A further aspect of the present invention provides a method for extending an existing instruction set architecture to provide for suppression of interrupt processing at the macro instruction level. The method includes fetching an extended macro instruction from memory, the extended macro instruction including an extended tag along with an extended prefix, where the extended tag is a first opcode entity that, under conventional translation rules, specifies a first operation according to the existing instruction set architecture; prescribing, via the extended prefix, that interrupt processing be suppressed during execution of the extended macro instruction, where remaining parts of the extended macro instruction prescribe that a second operation according to the existing instruction set be performed; at the application program privilege level, suppressing processing of an interrupt during execution of the extended macro instruction; and, at the application program privilege level, precluding the execution of operating system level instructions. The prescribing includes employing a second opcode entity according to the existing instruction set architecture to prescribe the second operation.
These and other objects, features, and advantages of the present invention will become better understood with regard to the following description, and accompanying drawings where:
The following description is presented to enable one of ordinary skill in the art to make and use the present invention as provided within the context of a particular application and its requirements. Various modifications to the preferred embodiment will, however, be apparent to one skilled in the art, and the general principles discussed herein may be applied to other embodiments. Therefore, the present invention is not intended to be limited to the particular embodiments shown and described herein, but is to be accorded the widest scope consistent with the principles and novel features herein disclosed.
In view of the above background discussion on the techniques employed within present day microprocessors to extend the architectural features of those microprocessors beyond the capabilities of their associated instruction sets, a prior art example will now be discussed with reference to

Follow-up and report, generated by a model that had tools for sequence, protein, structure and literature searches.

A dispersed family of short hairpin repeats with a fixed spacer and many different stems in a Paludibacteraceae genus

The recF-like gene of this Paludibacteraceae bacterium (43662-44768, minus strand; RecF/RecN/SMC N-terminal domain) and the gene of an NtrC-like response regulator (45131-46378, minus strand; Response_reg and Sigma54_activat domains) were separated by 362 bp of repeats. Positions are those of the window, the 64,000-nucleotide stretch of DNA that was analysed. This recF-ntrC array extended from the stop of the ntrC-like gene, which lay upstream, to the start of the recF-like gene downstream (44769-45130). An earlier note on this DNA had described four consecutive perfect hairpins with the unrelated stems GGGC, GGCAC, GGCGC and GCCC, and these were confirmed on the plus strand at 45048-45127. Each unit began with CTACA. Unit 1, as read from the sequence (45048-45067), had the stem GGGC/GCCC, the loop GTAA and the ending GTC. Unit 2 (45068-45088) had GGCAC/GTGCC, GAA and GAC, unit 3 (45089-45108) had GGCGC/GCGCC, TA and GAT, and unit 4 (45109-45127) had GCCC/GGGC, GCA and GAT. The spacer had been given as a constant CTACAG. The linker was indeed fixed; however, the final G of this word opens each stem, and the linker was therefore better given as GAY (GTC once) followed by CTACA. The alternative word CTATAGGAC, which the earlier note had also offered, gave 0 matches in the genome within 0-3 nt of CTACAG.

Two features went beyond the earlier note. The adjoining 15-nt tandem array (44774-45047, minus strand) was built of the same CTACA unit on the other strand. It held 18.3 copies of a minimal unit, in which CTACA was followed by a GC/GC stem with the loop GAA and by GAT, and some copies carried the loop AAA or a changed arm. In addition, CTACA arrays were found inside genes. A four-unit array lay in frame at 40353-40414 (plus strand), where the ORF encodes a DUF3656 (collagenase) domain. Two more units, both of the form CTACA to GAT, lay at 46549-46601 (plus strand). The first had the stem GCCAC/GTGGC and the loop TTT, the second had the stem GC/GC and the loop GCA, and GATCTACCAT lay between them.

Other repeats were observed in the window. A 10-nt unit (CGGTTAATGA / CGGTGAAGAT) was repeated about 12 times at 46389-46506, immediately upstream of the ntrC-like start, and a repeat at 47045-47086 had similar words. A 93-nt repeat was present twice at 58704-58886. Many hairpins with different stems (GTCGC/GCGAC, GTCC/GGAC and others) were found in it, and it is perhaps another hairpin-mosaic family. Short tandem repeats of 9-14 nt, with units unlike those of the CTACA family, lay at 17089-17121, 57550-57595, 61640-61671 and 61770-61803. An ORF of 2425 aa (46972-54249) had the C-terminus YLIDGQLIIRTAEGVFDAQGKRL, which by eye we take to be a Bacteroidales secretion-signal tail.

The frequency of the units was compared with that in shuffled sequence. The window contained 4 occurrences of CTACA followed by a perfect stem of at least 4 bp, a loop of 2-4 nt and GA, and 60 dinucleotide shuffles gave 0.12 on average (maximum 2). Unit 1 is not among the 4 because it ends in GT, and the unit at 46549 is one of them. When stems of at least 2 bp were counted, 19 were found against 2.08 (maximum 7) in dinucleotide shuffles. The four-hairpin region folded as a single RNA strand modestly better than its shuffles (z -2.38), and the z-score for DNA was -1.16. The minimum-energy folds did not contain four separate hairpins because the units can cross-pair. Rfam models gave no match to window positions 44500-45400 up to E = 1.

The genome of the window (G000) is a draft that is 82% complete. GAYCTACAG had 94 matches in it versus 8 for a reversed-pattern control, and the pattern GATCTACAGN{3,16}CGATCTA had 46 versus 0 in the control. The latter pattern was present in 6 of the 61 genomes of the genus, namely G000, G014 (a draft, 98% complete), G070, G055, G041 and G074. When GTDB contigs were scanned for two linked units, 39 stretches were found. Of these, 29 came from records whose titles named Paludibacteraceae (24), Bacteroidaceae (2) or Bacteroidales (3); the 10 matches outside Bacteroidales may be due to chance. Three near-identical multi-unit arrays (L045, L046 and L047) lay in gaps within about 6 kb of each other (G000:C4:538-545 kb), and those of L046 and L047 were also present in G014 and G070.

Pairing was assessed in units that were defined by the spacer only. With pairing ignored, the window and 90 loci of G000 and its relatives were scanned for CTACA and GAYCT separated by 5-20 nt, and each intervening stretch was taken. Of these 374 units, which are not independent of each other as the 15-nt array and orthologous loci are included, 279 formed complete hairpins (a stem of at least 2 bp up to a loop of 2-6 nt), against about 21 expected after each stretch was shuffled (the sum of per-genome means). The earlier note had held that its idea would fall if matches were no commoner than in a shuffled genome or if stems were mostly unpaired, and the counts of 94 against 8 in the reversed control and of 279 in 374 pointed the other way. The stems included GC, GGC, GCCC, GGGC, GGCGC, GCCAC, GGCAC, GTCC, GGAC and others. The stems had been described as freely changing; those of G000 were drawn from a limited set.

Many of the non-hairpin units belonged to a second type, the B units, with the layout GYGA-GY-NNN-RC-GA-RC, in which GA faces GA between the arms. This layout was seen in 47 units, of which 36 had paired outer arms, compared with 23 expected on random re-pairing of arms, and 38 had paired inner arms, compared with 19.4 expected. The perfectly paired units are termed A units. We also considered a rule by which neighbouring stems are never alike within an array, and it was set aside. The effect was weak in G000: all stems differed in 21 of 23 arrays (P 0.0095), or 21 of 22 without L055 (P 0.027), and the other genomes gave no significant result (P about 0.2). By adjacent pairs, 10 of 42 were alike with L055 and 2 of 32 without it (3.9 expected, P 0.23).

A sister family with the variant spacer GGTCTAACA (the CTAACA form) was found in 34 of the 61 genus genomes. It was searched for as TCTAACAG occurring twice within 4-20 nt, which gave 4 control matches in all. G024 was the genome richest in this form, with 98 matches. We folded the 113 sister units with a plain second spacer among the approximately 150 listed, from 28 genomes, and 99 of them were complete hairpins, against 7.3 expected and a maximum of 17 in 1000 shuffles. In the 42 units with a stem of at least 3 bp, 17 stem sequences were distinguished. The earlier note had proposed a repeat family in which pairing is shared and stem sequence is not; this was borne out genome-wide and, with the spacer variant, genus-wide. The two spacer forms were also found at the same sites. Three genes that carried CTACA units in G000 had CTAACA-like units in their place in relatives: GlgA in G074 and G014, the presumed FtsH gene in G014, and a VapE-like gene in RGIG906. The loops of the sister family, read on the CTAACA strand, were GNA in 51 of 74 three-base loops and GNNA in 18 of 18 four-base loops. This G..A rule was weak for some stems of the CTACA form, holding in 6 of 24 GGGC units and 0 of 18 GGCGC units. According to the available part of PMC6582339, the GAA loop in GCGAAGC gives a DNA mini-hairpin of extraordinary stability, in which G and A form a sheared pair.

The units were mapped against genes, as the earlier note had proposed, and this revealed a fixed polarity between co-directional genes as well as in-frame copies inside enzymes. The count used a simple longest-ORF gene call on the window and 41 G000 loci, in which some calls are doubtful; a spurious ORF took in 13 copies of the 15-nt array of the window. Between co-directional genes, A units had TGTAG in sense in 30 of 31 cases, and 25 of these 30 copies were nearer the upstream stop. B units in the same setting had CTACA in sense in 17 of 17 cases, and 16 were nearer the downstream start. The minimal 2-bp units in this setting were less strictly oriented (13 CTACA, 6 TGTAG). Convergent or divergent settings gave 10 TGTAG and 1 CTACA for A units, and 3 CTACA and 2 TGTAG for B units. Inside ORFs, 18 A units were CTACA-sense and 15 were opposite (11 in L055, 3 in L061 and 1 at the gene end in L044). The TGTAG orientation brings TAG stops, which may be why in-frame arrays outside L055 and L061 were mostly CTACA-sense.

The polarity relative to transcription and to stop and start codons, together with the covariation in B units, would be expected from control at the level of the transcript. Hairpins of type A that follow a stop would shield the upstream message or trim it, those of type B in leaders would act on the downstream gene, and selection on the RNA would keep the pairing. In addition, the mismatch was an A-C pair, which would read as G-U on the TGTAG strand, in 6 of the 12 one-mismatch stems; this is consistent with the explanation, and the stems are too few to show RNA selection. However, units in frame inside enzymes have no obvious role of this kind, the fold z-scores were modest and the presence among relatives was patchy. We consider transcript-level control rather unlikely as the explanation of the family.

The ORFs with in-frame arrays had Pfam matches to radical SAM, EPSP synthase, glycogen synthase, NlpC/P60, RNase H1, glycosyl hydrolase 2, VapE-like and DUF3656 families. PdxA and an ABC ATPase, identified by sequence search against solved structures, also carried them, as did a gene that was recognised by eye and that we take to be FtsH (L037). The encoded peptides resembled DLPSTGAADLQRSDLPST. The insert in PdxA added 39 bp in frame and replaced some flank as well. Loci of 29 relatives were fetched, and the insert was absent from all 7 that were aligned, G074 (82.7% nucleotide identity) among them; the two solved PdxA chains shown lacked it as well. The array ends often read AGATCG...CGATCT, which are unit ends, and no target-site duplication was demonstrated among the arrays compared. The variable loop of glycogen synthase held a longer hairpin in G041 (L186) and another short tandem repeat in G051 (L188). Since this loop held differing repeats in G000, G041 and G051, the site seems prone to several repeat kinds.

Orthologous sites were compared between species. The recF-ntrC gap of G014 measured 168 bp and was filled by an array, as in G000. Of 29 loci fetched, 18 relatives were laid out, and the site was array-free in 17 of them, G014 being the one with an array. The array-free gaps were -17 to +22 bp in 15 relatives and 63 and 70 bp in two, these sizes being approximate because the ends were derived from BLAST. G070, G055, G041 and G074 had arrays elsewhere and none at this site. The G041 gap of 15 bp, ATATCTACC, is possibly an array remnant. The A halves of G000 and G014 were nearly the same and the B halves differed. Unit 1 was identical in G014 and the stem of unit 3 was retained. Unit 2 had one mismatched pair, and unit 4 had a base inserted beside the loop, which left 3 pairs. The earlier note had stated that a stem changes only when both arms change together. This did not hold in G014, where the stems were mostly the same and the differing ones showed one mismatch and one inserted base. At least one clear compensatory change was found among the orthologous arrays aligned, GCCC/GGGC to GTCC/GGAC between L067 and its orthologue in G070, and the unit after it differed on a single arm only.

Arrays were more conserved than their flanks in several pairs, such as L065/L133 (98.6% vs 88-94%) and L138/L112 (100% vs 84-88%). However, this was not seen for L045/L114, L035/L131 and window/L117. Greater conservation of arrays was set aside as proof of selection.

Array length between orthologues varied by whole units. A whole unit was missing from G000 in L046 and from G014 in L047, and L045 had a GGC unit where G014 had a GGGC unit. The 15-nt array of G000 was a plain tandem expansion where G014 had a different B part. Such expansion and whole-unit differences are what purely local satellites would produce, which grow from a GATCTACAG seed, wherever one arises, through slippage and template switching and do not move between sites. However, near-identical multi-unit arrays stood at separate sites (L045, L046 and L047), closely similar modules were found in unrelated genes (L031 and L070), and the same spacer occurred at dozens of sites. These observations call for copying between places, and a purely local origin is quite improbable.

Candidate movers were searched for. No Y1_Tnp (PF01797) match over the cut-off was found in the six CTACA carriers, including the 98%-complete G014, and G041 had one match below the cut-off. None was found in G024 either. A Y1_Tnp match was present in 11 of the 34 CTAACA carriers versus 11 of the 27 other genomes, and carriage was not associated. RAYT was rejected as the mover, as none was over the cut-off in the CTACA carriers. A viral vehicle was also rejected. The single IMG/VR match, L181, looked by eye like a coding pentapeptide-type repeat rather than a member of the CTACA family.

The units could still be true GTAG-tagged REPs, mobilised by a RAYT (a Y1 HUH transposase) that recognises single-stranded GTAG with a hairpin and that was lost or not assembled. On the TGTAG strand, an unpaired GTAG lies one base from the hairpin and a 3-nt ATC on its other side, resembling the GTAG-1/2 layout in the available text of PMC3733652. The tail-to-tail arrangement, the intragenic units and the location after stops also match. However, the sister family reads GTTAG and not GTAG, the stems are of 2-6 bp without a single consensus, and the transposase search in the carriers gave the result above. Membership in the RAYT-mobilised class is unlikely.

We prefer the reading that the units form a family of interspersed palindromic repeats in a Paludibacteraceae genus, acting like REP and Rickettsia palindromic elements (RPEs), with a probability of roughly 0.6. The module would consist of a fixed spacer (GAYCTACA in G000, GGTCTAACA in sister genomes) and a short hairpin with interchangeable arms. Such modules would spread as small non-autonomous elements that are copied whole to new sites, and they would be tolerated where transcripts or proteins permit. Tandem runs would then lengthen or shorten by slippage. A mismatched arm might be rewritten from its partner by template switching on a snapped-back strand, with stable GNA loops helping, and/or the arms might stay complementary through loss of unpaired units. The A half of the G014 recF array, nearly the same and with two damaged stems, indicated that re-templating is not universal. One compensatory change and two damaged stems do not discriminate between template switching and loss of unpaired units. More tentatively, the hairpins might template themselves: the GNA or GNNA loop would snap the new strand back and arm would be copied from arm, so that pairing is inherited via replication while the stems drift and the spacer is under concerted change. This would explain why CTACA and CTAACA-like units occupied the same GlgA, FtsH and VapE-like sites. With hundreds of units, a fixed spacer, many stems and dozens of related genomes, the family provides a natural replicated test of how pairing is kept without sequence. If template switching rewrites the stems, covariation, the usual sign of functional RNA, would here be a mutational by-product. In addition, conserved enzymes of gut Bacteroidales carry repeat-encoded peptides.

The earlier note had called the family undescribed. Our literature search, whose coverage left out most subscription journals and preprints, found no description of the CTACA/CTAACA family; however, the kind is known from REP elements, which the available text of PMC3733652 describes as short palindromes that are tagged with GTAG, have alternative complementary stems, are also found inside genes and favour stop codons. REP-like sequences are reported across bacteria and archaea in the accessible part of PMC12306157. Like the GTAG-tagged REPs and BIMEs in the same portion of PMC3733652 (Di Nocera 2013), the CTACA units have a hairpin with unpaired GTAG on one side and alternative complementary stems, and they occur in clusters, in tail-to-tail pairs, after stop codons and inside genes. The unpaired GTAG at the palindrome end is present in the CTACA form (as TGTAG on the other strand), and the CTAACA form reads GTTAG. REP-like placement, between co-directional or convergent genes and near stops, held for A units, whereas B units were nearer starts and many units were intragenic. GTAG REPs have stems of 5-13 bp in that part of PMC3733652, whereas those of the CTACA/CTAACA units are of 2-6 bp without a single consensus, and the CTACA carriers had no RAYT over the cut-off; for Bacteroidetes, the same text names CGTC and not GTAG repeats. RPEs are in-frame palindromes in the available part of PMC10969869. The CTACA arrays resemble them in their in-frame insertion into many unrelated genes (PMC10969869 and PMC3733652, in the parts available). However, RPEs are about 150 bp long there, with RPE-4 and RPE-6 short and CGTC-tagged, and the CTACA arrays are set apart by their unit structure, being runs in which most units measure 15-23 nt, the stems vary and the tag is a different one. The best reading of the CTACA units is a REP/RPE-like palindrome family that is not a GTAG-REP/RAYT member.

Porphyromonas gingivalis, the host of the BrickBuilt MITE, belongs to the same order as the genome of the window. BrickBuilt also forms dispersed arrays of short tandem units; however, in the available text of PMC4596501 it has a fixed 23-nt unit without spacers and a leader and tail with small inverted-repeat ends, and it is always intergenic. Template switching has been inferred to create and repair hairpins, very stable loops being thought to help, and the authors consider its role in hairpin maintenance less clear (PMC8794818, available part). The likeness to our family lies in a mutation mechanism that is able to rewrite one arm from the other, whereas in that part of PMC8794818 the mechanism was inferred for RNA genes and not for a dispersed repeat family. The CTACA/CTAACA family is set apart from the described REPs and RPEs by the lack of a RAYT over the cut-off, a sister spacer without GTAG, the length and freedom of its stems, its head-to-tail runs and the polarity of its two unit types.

One well-known instance of the instruction format 100 shown in
Referring now to
The incorporation of architectural feature advances has been accomplished in the past through the designation of available (i.e. spare or unassigned) opcode values 201 as prefixes 101 (also known as architectural feature tags 101, feature indicators 101, or escape instructions 101). Yet, many instruction set architectures 100 have ceased to support the provision of enhancements for a very straightforward reason: all of the available or spare opcode values within those instruction sets 100 have been used up, that is, all of the opcode values in the opcode map 200 have been architecturally specified. When all of the available opcode values have been assigned as either opcode entities 102 or prefix entities 101, then there remain no more values to provide for the incorporation of new features. This significant problem exists in many microprocessor architectures today and consequently forces designers to choose between adding architectural features to a design and retaining compatibility with older programs.
It is notable that the instructions 201 shown in
One alternative that stops short of entirely obliterating an existing instruction set and replacing it with a new format 100 and opcode map 200 is to substitute new instruction meanings for only a small subset of existing opcodes 201 that are presently used by application programs, say opcodes 40H through 4FH like those shown in